In contrast to most African countries, Burundi existed as a political unit prior to European colonial rule. Nevertheless, German and (after 1916) Belgian rule profoundly affected Burundi's political future by exacerbating ethnic divisions and concentrating power in the hands of the Tutsi minority. Burundi gained independence in 1962 as a constitutional monarchy under a Tutsi king. After political gains by the Hutu majority in 1965, Tutsi leaders moved to reassert their own power, leading to a bloodless coup in November 1966 that installed Tutsi army captain Michel Micombero as president.
Conditions for the Hutu deteriorated under President Micombero, as they were gradually excluded from the army and administration. In 1972, fears of a potential Hutu rebellion led to massacres in which approximately 150,000 mostly professional and intellectual Hutu perished. Ethnic relations continued to degenerate during the 11-year rule of Colonel Jean Baptiste Bagaza, who deposed Micombero in 1976.
Major Pierre Buyoya, a Tutsi, first came to power in a 1987 coup. Beginning in 1988 he initiated a program to ease ethnic tensions between Tutsi and Hutu factions by bringing Hutu into the government. His reforms culminated in a multi-party presidential election in June 1993 in which Buyoya ran as the candidate for the Union for National Progress (UPRONA) and received 32% of the vote compared to 64% for Melchior Ndadye, a Hutu from the Front for Democracy in Burundi (FRODEBU). Contrary to expectations, Buyoya agreed to step down and urged his supporters to accept the results of the vote.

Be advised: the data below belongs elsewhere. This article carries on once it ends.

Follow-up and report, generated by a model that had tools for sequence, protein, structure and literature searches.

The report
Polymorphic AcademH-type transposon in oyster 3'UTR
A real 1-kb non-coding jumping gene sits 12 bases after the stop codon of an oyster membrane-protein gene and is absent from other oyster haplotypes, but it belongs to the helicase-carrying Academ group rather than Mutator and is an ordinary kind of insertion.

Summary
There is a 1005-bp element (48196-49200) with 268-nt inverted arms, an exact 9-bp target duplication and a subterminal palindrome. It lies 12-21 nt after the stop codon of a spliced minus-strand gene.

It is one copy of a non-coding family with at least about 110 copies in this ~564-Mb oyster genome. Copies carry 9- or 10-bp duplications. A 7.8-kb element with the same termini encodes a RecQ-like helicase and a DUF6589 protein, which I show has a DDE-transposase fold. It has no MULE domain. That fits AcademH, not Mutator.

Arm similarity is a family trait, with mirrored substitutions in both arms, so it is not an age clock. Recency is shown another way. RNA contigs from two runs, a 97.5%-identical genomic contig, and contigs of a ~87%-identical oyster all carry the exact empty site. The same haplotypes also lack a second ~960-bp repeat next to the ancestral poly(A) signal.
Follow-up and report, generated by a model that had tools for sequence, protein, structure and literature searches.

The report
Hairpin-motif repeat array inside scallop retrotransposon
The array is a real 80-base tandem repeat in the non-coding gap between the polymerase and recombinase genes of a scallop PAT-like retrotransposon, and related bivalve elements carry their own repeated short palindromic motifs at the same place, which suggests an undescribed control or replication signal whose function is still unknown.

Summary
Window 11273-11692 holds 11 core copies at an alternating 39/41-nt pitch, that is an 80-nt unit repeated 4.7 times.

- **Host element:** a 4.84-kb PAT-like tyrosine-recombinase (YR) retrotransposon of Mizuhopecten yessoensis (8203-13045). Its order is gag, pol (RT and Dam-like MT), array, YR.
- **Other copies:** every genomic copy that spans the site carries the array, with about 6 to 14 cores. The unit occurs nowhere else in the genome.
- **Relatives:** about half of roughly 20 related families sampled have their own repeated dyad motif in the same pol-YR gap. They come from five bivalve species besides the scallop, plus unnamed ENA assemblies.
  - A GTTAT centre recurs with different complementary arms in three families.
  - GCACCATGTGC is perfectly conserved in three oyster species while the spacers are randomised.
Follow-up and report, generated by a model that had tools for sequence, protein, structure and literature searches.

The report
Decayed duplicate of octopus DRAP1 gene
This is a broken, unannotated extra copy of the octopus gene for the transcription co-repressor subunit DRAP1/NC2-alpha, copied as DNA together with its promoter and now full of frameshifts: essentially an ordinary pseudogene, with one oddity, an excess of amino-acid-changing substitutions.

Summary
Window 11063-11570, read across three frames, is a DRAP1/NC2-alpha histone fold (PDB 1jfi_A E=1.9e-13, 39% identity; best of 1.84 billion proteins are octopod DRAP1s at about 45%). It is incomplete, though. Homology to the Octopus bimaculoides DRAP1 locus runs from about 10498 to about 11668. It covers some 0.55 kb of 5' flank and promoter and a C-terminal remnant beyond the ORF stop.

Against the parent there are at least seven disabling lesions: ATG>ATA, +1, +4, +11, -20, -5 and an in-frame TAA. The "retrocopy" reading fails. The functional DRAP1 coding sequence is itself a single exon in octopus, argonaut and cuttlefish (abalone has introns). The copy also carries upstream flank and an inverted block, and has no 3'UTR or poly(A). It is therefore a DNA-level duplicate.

After taking office in July 1993, Ndadye, the first Hutu leader of Burundi, attempted to appease opponents by appointing Tutsi from UPRONA to a number of important posts, including prime minister. Nevertheless, many Tutsi refused to accept his authority as president, and in October 1993 Ndadye was killed in a coup attempt. Although the coup ultimately failed to bring down the government, it initiated a new period of on going ethnic conflict, violence, and instability. In the months that followed Ndadye's assassination, thousands of people were killed in ethnic clashes throughout the country. Ndadye's successor as president, Cyprien Ntaryamira, was himself killed several months later in a plane crash in Kigali, Rwanda, that also killed Rwandan president Junvenal Habyarimana. Ntaryamira's successor, Sylvestre Ntibantunganya, served from April 1994 until he was deposed by Buyoya in a July 1996 coup. During the intervening years, Burundi has seen continuation of intense interethnic fighting. Thousands of refugees had fled the country, and thousands more are dead.